5 Excellent post Sarah. It's hard to explain each of our individual belief systems but I think you and CVG did an excellent job of it. People seem to forget about states rights and how they were the foundation of everything. If you want to live in state that honors gay marriage then you can move to one that does. However people don't want to be uprooted from their own community, so they just attempt to change their communities collective mind. If the community doesn't like that idea then the person might say well let's make it a national law, so then I don't have to be inconvenienced by moving. I consider myself conservative but have some very socially liberal ideas. I believe in a woman's right to choice to control her own body. I believe that all children in our country have a right (yes, strong word I know) to a decent education and free health care. I don't mind my taxes going to pay for education and health care because in the end it makes our country stronger and more competitive in a global market. Some conservatives don't agree with me and that's ok. I respect their opinions because they are educated on the issues or have strong moral beliefs. Which brings me to a point. One of the reason's I dislike Liberal ideology even though I am slightly liberal myself, is that most of the people I speak with don't seem entirely clear on what they believe. It's just seems to be this blanket idea of everyone should be taken care of. Everyone has a right to everything to make them comfortable in life. This ideology is something that seems to be fostered in the PUBLIC school system. Which is why so many people these days choose to home school. If the liberal side doesn't want prayer in schools because of the 'separation of church and state' (NOT a RIGHT granted in the constitution by the way, but read as an INTENTION by Thomas Jefferson in a letter he wrote) then quit stuffing another ideology down the kids throats. It's an idea of entitlement that bothers me. No one ever said life was going to be fair. The other thing I take issue with is the vitriol that is spewed by both the liberal and conservative sides. Name calling won't help. The original post asked for no name calling, however there was still a jab at the other side when she said that 'But when this election was done and the Republican party had its collective ass handed to it,' I call bullshit on that. Obama received 52.9% and McCain received 45.7% Hardly a landslide sweetheart. I don't think Obama is going to have 8 years of governing. He has shown so far that he does not in fact have the experience needed for the job. He election galvanized many conservative-lite people into becoming more involved in their local governments and say, no more, lets change this.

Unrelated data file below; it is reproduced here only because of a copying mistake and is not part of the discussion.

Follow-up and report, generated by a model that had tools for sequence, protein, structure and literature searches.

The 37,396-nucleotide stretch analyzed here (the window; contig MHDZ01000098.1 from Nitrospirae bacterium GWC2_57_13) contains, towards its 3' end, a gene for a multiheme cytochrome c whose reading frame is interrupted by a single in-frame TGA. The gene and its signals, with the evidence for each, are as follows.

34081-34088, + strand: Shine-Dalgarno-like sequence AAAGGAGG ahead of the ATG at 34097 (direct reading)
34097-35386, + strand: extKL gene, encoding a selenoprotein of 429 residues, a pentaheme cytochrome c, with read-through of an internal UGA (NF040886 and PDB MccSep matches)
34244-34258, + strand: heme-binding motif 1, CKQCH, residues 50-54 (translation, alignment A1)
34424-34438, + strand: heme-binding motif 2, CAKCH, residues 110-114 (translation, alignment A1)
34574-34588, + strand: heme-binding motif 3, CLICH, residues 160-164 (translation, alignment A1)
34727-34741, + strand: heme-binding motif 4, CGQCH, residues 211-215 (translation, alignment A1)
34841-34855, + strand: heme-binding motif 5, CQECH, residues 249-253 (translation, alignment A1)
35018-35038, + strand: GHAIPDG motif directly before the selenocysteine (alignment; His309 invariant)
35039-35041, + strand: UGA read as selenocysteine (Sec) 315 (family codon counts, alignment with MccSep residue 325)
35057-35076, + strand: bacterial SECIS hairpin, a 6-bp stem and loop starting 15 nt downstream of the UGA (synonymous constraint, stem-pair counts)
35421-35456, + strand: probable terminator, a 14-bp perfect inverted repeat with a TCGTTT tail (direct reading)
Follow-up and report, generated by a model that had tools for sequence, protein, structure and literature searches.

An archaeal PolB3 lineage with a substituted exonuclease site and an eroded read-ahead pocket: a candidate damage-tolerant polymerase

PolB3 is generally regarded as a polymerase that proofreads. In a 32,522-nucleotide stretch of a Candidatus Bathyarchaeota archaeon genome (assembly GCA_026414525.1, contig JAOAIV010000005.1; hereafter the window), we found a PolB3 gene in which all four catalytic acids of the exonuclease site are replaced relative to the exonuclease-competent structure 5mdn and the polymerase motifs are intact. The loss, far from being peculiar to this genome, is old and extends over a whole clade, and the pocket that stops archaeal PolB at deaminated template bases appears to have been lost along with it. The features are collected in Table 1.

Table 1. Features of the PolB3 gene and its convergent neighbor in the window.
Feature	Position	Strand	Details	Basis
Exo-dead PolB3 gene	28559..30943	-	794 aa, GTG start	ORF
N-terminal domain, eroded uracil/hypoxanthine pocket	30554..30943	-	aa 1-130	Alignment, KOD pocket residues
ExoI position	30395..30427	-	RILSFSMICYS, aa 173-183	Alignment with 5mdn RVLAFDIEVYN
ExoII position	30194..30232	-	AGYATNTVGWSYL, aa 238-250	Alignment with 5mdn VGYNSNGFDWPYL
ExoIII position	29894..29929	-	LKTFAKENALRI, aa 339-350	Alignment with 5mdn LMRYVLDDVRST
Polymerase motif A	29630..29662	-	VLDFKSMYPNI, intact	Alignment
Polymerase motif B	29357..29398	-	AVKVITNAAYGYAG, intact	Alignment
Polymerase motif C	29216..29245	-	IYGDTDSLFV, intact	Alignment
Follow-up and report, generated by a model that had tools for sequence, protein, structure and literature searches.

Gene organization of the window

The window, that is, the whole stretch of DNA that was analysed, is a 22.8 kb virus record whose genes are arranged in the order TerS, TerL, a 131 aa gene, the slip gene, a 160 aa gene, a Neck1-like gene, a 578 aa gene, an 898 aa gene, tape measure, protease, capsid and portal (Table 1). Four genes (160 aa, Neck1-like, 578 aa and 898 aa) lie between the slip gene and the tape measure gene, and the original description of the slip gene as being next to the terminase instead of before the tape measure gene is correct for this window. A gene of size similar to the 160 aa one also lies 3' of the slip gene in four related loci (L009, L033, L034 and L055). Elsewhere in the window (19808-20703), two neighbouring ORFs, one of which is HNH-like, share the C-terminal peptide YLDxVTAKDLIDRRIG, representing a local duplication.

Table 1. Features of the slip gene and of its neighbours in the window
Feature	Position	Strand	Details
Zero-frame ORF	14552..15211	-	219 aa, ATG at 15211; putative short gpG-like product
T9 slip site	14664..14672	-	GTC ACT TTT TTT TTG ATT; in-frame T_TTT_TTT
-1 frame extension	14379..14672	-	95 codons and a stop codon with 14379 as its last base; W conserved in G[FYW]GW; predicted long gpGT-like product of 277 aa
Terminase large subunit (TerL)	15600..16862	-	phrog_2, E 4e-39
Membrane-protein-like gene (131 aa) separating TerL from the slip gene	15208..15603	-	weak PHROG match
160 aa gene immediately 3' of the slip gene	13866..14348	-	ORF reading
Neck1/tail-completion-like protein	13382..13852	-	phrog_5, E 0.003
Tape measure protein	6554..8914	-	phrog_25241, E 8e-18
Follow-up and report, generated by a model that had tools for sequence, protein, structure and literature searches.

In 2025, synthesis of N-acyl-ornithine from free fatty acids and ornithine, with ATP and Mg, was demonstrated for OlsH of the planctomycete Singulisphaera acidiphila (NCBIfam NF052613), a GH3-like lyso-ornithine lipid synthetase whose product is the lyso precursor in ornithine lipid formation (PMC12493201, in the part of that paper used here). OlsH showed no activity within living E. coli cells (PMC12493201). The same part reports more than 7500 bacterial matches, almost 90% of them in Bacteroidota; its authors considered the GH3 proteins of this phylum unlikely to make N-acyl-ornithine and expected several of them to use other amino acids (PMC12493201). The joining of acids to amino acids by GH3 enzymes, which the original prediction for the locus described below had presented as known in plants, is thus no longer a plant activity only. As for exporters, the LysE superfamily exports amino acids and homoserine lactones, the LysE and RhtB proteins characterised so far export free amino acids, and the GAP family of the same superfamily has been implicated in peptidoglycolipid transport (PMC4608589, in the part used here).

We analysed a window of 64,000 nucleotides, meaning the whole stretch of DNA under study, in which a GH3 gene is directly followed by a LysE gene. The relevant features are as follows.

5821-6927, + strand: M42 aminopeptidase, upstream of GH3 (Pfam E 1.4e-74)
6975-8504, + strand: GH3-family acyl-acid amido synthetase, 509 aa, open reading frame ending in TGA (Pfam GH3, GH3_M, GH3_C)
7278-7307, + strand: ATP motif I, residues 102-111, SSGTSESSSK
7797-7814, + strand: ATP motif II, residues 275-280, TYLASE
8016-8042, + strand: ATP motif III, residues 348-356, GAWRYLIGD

Posted by: Mare at April 13, 2009 03:55 AM (TWet1)

6 Tomorrow I will be sending out my first quarterly estimated tax payment for this year. I am self-employed, so I self-deduct my taxes, and actually notice how much of my money is being siphoned away. And what struck me was that my federal tax payment was nearly 10x that of my state tax payment. And I thought how wrong that isÂ…it should be the other way around. Why are we sending so much money to Washington, when supposedly WashingtonÂ’s job is to send it back to us? Why donÂ’t we keep it in our states, and send a minimal amount to the federal government? I just donÂ’t get it. Mare, I agree with you on the public education thing, but I would argue that it's not a right. I would say, like you did, it's just a smart thing to do as a nation and makes us stronger. A good education takes care of a lot of problems...problems we still have in this country, so I feel we are failing ourselves in that way, because we aren't giving public school children that good education.